“Ecumenical Christianity and Its Implications for Christian Science”
Kinnamon, Michael. “Ecumenical Christianity and Its Implications for Christian Science.” Ecumenical Trends 41, no. 10 (2012): 1–3.
This published article was an address at The Mother Church in Boston, July 9, 2012. Although Kinnamon’s prior exposure to Christian Science was based on stereotypes, he welcomed a new opportunity to bring the Christian Science Church into ecumenical relationship. He explained that ecumenism is based on relationships of trust and friendship, witnessing the grace of God in one another. It is not getting Christians to become homogeneous but to engage in witness together when possible. Contours of the church are determined by the Holy Spirit, not doctrinal restrictions. He noted the Christian Science Church might have been reluctant to participate in the ecumenical movement because of its desire to preserve the distinctive gifts God has entrusted to it. When treated as a cult by some, it is difficult to trust those gifts will be taken seriously. But Kinnamon listed benefits of sharing gifts: from Christian Science, a gift would include God’s power to heal; another Christian Science gift is that the Christian faith must be practiced, not merely believed and proclaimed. Christian Science can also learn from others, especially what scriptures and other communions say about the role of community. He affirmed his invitation for Christian Science to participate in National Council of Churches communions because of their value.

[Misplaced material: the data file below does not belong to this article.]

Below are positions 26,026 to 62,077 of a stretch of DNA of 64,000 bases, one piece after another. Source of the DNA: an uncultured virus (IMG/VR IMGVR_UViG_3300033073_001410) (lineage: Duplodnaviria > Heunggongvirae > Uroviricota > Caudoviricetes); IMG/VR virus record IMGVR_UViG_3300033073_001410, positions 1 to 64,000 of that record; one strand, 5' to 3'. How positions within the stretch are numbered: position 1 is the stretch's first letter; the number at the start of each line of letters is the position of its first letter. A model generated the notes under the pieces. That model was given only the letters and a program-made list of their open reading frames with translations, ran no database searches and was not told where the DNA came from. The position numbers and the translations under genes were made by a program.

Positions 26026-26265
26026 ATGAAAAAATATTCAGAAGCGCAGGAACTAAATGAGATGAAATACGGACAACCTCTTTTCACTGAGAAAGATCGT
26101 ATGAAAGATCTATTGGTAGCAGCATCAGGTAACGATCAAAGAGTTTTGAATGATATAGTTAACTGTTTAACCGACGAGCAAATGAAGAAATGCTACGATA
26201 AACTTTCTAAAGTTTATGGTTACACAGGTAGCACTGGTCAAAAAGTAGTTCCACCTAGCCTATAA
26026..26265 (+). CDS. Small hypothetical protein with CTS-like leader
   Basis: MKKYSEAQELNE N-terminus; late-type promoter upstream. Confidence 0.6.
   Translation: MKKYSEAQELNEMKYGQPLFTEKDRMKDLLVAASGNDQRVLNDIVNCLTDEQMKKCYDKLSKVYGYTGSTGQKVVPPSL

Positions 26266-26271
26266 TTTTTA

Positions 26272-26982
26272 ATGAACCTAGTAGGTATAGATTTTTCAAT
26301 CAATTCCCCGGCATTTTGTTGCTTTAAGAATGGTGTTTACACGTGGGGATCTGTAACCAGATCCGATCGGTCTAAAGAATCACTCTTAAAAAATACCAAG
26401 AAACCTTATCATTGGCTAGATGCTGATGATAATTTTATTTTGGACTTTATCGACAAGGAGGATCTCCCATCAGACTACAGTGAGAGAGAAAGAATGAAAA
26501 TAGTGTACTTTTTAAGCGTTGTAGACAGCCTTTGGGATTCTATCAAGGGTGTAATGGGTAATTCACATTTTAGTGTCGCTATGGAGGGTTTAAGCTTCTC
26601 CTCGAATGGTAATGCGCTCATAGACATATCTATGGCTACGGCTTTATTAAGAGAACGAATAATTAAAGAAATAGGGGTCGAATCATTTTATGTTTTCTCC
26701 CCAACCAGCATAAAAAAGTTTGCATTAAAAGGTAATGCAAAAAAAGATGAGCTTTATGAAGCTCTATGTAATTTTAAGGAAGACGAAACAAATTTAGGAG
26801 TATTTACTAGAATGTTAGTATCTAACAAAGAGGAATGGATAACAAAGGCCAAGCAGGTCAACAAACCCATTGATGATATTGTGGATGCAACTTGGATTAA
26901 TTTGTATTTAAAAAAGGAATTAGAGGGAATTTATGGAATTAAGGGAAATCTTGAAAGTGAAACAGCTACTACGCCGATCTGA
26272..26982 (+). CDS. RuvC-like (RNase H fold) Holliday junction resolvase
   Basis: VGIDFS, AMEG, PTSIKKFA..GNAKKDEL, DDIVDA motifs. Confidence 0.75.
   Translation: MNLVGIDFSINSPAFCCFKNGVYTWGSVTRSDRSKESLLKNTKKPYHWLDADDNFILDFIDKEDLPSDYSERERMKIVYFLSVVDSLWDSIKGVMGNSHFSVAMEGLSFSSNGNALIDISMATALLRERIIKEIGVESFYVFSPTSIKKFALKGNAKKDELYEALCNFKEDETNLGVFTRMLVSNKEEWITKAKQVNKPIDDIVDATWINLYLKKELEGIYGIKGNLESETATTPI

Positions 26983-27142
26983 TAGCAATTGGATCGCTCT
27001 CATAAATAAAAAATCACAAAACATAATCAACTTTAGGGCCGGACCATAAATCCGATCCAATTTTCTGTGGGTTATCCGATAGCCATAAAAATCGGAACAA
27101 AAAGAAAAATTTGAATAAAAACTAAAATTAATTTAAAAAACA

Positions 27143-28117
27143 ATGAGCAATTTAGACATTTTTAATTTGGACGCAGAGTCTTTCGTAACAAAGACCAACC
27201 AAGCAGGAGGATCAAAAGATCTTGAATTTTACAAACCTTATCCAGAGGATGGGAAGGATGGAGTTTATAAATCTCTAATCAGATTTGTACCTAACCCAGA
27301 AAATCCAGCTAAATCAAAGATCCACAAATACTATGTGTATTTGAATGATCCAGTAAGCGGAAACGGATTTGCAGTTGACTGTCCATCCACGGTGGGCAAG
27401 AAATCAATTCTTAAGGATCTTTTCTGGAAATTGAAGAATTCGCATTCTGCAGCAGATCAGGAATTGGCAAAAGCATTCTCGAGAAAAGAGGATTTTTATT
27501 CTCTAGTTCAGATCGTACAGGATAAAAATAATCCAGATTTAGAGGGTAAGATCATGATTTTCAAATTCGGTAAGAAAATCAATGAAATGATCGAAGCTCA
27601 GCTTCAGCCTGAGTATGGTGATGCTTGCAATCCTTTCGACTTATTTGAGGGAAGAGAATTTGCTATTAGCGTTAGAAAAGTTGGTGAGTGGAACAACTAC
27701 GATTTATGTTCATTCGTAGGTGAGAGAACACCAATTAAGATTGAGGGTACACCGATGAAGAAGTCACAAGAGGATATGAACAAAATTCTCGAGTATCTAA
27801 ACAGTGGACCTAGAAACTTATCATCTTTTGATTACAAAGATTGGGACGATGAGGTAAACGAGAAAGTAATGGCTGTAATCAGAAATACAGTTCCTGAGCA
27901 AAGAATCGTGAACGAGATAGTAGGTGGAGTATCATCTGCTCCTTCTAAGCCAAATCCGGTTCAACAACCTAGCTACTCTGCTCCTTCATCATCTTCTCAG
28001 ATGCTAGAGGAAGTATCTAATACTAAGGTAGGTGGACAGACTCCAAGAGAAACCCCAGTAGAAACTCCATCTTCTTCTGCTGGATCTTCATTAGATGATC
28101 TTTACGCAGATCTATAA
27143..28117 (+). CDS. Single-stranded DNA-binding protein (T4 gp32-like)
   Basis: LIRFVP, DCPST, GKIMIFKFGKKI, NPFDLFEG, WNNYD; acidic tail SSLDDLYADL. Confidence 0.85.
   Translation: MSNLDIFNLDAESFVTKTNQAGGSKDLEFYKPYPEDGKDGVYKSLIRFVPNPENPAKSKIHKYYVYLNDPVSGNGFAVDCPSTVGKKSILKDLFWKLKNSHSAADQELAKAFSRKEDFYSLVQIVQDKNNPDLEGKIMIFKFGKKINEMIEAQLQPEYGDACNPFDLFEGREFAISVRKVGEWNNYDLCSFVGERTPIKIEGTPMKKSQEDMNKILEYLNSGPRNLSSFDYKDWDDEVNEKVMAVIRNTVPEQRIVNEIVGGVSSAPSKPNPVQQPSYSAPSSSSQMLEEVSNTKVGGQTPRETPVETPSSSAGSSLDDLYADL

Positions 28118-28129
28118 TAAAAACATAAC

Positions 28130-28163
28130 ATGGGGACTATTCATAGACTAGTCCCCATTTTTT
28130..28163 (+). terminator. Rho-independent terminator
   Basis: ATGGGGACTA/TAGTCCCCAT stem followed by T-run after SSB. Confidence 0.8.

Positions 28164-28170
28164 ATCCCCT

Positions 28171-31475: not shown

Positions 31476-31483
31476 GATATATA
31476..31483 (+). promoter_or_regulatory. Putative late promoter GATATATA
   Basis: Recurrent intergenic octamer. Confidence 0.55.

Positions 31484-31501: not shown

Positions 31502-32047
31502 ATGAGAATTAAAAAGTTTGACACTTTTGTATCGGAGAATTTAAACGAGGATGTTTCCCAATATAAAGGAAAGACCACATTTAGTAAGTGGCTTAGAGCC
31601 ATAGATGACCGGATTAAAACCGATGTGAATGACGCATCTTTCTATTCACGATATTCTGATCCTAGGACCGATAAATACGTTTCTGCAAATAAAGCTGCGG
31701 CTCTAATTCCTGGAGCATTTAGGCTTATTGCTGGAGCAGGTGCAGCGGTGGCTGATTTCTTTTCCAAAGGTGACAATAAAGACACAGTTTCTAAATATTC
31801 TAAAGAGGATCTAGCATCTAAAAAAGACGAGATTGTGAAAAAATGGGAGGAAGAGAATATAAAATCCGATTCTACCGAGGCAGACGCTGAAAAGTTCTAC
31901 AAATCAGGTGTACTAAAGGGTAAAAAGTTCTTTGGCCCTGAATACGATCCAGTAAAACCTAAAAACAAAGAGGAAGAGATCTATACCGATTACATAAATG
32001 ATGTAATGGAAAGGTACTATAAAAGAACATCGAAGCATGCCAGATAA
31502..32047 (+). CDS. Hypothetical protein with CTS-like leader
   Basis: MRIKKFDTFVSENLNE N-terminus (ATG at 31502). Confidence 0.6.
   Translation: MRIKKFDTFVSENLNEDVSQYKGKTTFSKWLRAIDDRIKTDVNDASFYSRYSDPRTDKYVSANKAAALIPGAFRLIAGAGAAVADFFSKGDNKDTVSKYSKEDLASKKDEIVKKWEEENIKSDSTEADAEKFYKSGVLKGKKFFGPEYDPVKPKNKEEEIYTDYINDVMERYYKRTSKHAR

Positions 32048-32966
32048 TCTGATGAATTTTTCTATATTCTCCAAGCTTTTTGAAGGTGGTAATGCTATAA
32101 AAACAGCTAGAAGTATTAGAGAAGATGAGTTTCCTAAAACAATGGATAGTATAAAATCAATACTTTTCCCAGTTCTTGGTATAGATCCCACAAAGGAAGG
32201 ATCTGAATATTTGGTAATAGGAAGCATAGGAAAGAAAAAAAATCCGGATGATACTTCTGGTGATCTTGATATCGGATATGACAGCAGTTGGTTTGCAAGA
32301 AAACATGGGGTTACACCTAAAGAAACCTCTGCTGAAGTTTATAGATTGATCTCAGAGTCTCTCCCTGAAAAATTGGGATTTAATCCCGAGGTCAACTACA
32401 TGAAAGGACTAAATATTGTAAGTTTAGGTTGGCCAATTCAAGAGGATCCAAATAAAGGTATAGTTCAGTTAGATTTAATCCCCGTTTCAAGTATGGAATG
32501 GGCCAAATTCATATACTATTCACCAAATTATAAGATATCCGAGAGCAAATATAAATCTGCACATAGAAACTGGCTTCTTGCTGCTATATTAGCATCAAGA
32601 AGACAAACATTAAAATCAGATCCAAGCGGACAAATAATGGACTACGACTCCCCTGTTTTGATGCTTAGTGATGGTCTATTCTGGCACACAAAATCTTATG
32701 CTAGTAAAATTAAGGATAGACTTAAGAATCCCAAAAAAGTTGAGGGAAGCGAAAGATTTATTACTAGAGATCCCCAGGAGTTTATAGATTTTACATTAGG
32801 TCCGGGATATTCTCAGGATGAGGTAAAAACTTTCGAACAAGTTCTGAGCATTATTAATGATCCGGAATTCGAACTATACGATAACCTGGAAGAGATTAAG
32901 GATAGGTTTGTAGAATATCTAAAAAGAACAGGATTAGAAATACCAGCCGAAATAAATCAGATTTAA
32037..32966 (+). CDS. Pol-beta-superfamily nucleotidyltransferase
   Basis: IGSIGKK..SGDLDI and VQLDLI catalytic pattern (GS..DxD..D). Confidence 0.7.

Annotations related by category:
- Availability: Online - Academic Credentials or Fee
- Official Christian Science Publication: No
- Organizations: The First Church of Christ, Scientist
- Publication Date: 2011-2020
- Resource Types: Article
- Subjects: Christian Science History after 1910
- Subjects: Ecumenical and Interfaith
- Subjects: Religion